Avianca, Copa & United: Complex partnership talks


The alliance chess game in Latin America continues with Avianca, Copa and United all acknowledging their discussions about forming a three-way alliance to strengthen their respective positions between the US and Latin America.

United and Avianca have been in talks for more than year to establish a potential joint business agreement as oneworld partners LATAM Airlines Group and American work to forge their own joint venture. Azul, meanwhile, has expressed its desire to create a JV with United, and aims to forge a similar tie-up with TAP.

Given United and Copa’s deep ties, it is not surprising Copa has joined discussions with Avianca and United. Copa serves 13 US destinations, and brings the heft of its powerful connecting hub in Panama City to a potential joint venture.

CAPA will feature a panel discussion at its upcoming Latin America & LCC Summit 11-12 Sep in Cartagena, Colombia. Details below.


Azul continues to maintain that a JV with United will materalise

Star Alliance partners Avianca and United have been engaged in talks about establishing a joint business agreement for more than a year. The discussions are against a backdrop of regional powerhouse LATAM Airlines Group working to forge joint ventures with its fellow oneworld partners American Airlines and IAG. The oneworld carriers have not yet received approvals from all countries covered under the JVs, which encompass their respective networks between Latin America and the US and Latin America and Europe.

There are a lot of moving pieces in the JV/alliance puzzle in Latin America. Avianca has expressed an interest in merging with Brazil’s third largest airline Avianca Brazil. Synergy Group is the largest shareholder of each company, but they operate separately, with some limited codesharing. Nothing has yet to materialise, but if Avianca Brazil and Avianca do merge, it creates questions over a potential United-Azul joint venture.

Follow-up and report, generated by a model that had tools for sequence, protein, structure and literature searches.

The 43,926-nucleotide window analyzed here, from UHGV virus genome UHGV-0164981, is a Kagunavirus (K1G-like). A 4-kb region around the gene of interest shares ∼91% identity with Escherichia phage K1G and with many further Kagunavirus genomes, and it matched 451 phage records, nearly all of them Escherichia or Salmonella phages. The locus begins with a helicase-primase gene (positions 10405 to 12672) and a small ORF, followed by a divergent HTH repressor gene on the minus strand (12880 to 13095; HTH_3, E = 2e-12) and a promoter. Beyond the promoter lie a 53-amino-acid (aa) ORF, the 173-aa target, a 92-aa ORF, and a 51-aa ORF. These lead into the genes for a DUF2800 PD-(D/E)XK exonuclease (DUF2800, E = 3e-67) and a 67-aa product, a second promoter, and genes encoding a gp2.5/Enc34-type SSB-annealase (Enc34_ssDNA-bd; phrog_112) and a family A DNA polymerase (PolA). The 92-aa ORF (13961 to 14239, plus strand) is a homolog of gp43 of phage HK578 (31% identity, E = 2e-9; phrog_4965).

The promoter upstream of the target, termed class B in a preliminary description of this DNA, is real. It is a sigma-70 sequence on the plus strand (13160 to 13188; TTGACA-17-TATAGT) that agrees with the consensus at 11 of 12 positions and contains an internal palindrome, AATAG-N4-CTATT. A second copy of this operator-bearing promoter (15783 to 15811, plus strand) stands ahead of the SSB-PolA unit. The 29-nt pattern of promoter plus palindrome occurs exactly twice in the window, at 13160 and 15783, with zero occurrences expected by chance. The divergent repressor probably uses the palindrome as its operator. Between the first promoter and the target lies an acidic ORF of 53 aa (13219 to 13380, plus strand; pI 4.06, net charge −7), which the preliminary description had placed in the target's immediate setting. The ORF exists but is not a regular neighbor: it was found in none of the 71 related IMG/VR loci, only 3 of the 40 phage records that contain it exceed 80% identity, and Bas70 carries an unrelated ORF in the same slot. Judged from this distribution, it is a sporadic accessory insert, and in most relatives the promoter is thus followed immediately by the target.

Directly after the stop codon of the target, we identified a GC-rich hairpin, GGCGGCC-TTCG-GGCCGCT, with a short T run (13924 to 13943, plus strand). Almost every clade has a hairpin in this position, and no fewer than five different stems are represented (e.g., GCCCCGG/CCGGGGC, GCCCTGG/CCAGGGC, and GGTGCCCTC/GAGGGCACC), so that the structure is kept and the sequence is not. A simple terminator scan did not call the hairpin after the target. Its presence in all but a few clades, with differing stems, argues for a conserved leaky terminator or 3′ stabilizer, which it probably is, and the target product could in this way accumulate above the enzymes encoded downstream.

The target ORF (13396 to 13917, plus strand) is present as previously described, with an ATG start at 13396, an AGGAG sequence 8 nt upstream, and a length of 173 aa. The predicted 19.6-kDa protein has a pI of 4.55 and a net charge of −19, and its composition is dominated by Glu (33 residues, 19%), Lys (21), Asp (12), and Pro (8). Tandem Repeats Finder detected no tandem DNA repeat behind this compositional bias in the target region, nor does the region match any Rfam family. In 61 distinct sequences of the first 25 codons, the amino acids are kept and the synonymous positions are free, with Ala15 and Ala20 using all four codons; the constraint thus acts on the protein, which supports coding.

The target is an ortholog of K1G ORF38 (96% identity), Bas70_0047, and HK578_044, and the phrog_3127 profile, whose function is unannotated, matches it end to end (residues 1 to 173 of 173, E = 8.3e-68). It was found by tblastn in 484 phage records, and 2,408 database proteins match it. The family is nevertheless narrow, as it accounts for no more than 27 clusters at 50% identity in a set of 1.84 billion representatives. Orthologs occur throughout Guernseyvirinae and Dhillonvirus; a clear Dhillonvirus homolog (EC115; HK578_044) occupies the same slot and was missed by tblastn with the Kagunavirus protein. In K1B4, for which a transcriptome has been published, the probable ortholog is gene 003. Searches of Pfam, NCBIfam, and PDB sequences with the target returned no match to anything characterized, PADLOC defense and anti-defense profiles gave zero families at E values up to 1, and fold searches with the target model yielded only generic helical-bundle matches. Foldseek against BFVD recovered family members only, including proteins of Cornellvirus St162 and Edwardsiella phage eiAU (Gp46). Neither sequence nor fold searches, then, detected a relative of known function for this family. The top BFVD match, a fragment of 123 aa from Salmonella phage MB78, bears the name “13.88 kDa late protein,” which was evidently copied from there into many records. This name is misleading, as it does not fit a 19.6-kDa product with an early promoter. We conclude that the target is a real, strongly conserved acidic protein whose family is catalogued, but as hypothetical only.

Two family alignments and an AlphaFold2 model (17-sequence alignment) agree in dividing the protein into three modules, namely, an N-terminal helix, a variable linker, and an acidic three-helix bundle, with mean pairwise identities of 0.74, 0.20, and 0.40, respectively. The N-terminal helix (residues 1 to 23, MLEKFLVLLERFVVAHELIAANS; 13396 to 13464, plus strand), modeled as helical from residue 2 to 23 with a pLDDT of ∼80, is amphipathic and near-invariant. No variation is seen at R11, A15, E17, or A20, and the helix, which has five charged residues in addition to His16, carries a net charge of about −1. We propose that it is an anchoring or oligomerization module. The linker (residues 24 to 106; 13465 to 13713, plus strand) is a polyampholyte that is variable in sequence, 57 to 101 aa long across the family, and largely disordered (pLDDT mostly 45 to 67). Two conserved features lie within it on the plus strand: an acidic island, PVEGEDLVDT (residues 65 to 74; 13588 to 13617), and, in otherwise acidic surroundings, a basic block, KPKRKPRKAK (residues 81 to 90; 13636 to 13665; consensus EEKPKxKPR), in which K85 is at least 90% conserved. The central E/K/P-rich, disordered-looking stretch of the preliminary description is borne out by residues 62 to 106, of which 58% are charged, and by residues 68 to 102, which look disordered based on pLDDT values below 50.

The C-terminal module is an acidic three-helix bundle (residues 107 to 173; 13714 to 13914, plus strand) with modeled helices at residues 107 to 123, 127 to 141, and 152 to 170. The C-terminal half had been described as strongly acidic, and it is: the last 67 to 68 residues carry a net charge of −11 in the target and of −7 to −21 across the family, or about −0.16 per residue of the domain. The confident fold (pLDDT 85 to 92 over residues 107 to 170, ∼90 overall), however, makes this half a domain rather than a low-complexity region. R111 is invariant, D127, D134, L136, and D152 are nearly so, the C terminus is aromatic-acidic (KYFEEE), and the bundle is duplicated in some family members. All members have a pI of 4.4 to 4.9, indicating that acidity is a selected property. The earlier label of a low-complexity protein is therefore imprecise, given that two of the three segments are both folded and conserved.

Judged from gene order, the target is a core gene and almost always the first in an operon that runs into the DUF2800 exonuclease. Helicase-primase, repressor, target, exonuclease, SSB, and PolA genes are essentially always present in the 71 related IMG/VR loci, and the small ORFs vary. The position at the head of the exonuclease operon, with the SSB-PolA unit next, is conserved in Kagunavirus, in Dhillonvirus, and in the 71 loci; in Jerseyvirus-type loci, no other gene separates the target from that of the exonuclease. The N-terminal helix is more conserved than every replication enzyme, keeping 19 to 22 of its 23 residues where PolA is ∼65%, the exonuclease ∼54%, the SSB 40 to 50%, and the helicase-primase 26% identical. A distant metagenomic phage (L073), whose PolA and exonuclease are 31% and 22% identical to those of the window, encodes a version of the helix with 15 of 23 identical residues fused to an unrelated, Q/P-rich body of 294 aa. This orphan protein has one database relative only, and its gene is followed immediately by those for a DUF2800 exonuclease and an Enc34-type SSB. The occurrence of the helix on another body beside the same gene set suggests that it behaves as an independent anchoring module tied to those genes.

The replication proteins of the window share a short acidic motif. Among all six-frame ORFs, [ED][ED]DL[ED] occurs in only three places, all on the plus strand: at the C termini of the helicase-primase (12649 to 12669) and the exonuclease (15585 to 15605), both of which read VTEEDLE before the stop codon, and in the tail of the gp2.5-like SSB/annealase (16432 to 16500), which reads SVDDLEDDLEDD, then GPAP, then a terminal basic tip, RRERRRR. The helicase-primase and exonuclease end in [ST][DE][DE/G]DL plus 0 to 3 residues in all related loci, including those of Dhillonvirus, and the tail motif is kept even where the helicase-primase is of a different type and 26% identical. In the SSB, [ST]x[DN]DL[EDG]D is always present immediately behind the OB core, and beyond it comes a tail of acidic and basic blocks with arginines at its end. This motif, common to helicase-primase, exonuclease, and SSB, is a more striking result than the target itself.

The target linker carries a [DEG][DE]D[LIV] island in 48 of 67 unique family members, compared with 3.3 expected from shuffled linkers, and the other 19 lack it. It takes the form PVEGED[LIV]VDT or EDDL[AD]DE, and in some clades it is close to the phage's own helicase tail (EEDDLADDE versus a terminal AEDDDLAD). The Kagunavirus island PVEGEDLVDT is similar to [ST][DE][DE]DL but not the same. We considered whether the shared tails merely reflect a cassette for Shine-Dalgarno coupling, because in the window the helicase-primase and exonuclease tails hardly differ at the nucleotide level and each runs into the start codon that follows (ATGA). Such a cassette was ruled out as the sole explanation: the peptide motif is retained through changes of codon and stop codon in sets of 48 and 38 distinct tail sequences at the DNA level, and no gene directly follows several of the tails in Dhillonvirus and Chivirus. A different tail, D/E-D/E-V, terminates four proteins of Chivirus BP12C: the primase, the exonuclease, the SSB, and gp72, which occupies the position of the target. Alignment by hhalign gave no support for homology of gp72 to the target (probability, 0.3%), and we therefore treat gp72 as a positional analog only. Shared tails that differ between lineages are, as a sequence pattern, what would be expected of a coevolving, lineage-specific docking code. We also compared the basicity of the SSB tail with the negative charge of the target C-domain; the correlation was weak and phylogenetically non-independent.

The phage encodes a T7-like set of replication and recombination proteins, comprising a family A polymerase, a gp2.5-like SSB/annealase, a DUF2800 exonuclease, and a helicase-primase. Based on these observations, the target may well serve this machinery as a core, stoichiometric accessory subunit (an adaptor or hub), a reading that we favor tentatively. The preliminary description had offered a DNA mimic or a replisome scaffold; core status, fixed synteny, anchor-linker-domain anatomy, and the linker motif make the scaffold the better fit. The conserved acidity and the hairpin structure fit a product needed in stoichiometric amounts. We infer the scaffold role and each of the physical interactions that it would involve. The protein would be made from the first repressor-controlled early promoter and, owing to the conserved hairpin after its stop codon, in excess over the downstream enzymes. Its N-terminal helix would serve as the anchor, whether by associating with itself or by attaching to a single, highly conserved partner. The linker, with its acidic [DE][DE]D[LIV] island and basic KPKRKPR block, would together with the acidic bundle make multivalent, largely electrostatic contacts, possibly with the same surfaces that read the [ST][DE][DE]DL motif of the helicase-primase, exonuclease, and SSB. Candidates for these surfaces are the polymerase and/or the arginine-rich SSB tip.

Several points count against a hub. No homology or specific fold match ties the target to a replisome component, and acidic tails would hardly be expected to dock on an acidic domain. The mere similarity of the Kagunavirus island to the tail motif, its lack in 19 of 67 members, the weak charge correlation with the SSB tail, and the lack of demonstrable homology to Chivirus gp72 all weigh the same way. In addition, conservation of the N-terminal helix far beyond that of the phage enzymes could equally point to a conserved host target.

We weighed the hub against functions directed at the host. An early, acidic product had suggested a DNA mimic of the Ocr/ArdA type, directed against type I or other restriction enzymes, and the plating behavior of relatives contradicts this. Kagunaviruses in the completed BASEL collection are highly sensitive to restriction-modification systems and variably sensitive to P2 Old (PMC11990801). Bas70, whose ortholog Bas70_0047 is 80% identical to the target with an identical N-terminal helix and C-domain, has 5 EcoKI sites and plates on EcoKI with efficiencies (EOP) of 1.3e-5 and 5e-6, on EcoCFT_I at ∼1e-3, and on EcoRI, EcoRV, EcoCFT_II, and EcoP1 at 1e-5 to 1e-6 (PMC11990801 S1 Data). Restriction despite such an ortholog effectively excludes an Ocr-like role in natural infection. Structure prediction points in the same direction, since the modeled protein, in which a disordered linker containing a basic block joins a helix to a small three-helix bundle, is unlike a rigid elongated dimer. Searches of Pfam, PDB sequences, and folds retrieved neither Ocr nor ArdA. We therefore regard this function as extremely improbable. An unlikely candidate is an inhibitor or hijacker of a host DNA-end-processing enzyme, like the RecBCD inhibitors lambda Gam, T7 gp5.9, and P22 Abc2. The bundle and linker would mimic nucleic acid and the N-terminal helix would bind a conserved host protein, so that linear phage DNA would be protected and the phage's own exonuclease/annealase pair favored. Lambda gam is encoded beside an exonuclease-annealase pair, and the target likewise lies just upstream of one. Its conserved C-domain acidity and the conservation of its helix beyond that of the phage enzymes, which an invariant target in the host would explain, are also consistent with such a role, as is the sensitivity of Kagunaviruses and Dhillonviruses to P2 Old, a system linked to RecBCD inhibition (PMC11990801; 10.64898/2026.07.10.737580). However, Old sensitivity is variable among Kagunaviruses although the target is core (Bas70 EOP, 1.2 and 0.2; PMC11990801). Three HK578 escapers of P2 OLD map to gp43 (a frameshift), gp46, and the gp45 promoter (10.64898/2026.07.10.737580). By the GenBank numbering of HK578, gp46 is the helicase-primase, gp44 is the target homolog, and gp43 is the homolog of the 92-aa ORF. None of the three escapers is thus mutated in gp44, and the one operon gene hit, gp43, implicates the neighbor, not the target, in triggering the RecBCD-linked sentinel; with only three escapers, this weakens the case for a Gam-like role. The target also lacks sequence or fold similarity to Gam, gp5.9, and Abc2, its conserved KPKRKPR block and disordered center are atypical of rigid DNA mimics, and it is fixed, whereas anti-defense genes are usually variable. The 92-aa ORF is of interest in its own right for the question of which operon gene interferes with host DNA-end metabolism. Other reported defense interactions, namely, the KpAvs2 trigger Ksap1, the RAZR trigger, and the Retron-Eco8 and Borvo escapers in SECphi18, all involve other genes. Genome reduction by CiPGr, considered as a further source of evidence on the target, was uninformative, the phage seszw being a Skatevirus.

During 2015 United invested USD100 million in Azul for a 3.7% stake in Brazil’s third largest airline, and the two airlines forged a codeshare, covering some of Azul’s domestic flights from São Paulo Guarulhos and United’s flights from its hubs in Chicago, Houston, Newark and Washington Dulles. Earlier in 2018, United increased its stake in Azul to 8% after purchasing shares held by Hainan Airlines.

Azul has made no secret of its desire to forge a JV with United. Azul officials recently reiterated that the two companies are “absolutely working towards a US-Brazil joint venture”.  Executives from the Brazilian airline explained when United made its investment in Azul before Open Skies between the US and Brazil was approved, “we kind of wrote that [a JV] in a contract that we have with them...”.

Copa brings its powerful Tocumen hub to JBA talks with Avianca and United

It remains unclear how a United-Azul JV would affect Avianca and United’s discussions, especially if Avianca and Avianca Brazil do in fact move ahead with a merger. But in the mean time, Copa has officially joined joint business talks with its fellow Star partners Avianca and United.

Predicting if the three airlines can agree on terms of joint business agreement is difficult. But it is not surprising that Copa has opted to enter into negotiations with its partners. United and Copa have a long history. At one point Continental (which merged with United in 2010), owned a 49% stake in Copa. United and Copa in 2016 opted to renew their alliance for five more years.

Copa brings a certain level of heft to the joint business discussions.  It has transformed its hub at Panama City Tocumen into a major transit point between North and South America. Tocumen’s passenger numbers more than doubled from 2010 to 2017 from seven million to 15 million. Copa holds a nearly 87% seat share at Tocumen.

Panama City Tocumen passenger numbers from 2009 to 1H2018